15:57 GMT06 May 2021
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    The Philippines Defense Minister has attempted to row back on an order by President Rodrigo Duterte earlier this week to occupy and fortify islands in the South China Sea. It comes after Beijing expressed concern over the military action, in a region where China also lays claim to several islands.

    On Thursday, 6 April, the controversial Philippine president declared that he had ordered the Filipino military to occupy several Philippines-claimed islands in the South China Sea, in the face of ongoing Chinese activity, including land-reclamation and navy patrols.

    "We tried to be friends with everybody but we have to maintain our jurisdiction now," Duterte said.

    Duterte has made nationalist comments about the Philippines's territorial rights in the past, once joking that he would jet ski to a Chinese man-made island in the South China Sea to reinforce the Philippines claim. However, Beijing did not see the funny side of Duterte's military command.

    "We express our concern in this regard. We hope that the Philippines will continue to handle maritime disputes with China properly," Chinese Foreign Ministry's spokeswoman Hua Chunying said on Friday, 7 April.

    Also, on Friday, the Philippines Defense Minister Delfin Lorenzana hastily clarified that Manila was planning to only repair and upgrade facilities on Spratly islands that the Philippines is already occupying.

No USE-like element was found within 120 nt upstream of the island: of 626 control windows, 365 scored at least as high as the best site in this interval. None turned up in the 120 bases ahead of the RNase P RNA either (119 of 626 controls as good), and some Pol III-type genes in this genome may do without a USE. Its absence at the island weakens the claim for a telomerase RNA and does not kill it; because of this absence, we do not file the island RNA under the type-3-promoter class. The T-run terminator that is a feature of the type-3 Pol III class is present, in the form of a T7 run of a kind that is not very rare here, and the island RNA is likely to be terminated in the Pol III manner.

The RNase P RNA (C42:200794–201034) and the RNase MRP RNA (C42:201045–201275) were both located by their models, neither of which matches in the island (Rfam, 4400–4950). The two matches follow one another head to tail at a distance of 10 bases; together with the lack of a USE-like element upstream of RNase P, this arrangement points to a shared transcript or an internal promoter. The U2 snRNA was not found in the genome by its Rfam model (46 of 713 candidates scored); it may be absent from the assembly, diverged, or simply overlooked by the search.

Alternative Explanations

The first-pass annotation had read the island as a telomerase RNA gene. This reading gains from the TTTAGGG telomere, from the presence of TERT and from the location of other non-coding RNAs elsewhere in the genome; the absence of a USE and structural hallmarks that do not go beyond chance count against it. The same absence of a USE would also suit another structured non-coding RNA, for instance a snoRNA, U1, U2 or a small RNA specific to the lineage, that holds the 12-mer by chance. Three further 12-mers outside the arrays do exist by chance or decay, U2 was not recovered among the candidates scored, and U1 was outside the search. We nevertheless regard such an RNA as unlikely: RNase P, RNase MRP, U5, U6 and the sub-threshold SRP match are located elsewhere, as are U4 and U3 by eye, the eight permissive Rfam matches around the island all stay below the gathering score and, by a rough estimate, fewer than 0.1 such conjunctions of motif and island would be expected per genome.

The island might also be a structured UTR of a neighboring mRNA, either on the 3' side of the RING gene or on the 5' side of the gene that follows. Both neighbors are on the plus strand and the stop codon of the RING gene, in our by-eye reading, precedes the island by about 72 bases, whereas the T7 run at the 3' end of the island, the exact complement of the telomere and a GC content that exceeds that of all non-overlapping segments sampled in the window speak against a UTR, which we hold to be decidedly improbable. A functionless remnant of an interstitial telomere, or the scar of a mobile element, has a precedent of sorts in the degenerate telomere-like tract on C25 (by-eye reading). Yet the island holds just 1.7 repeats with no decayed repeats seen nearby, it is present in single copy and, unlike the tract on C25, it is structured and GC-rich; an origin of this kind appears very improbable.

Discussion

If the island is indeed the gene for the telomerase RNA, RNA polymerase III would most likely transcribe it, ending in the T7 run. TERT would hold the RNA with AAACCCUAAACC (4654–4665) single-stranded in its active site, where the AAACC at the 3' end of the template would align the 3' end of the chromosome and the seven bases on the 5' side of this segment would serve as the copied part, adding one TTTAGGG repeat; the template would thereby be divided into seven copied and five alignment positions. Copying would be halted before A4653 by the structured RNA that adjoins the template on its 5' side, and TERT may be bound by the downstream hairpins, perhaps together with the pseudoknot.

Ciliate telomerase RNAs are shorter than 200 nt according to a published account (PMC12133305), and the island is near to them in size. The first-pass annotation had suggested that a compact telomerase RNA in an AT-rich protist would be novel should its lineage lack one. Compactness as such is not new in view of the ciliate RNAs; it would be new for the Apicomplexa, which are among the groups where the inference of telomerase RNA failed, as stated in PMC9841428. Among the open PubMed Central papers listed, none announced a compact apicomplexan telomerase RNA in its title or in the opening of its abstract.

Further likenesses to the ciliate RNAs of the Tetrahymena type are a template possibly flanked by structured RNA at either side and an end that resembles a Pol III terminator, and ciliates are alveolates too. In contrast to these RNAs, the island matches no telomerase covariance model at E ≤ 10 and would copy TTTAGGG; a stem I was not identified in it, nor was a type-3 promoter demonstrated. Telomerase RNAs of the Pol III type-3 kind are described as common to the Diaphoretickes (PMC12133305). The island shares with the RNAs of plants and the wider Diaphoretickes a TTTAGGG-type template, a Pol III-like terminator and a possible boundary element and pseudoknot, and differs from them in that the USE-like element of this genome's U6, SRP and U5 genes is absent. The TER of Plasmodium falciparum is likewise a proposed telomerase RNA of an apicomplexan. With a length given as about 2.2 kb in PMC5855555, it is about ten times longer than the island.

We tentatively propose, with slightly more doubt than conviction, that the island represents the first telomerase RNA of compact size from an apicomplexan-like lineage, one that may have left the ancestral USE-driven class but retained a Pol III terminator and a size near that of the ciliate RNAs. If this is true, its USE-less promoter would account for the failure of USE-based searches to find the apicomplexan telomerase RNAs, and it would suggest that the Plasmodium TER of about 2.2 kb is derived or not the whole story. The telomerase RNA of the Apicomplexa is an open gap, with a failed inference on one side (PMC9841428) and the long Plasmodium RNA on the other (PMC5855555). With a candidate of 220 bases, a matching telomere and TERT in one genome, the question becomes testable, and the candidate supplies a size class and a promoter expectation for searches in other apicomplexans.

A Filipino soldier patrols at the shore of Pagasa island (Thitu Island) in the Spratly group of islands in the South China Sea, west of Palawan, Philippines, May 11, 2015.
    © REUTERS / Ritchie B. Tongo
    A Filipino soldier patrols at the shore of Pagasa island (Thitu Island) in the Spratly group of islands in the South China Sea, west of Palawan, Philippines, May 11, 2015.

    "The president wants facilities built such as barracks for the men, water and sewage disposal systems, power generators, light houses, and shelters for fishermen," Lorenzana was quoted as saying by Reuters.

    A spokesperson for the Filipino military, Brigadier-General Restituto Padilla, added that what President Duterte had really meant was to upgrade facilities in the "already-occupied areas."

    The quick reversal of official rhetoric coming out of the Philippines has become a trademark of the Duterte administration, since he took office in June 2016.

    Inflammatory comments, often insulting world leaders, are then re-worded or outright reversed by one of the president's spokespersons, ministers or military officials.

    The speed of this particular official policy revision is a sign of how much is at stake in the South China Sea dispute.

    It's estimated that around US$5 trillion of seaborne goods pass through the waters every year. There are also thought to be significant mineral resources.

    China, the Philippines, Brunei, Malaysia, Vietnam and Taiwan are all claimants on parts of the waters and its islands and reefs.

    Added to this is the Philippines increasing financial reliance on China, pivoting away from the US.

    Since taking office, President Duterte has sought US$24 billion in investment and financing deals from Beijing.

    It's now not clear what the Philippines' strategy in the region is. Currently, Manila occupies nine out of around 50 islands that they claim.

    Duterte has formerly said that he might visit one island on June 12, to raise his country's national flag on the Philippines Independence Day.


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    occupied territory, territorial claims, military action, islands, resources, Rodrigo Duterte, Spartly Islands, Manila, South China Sea, China, Asia, Philippines, Beijing
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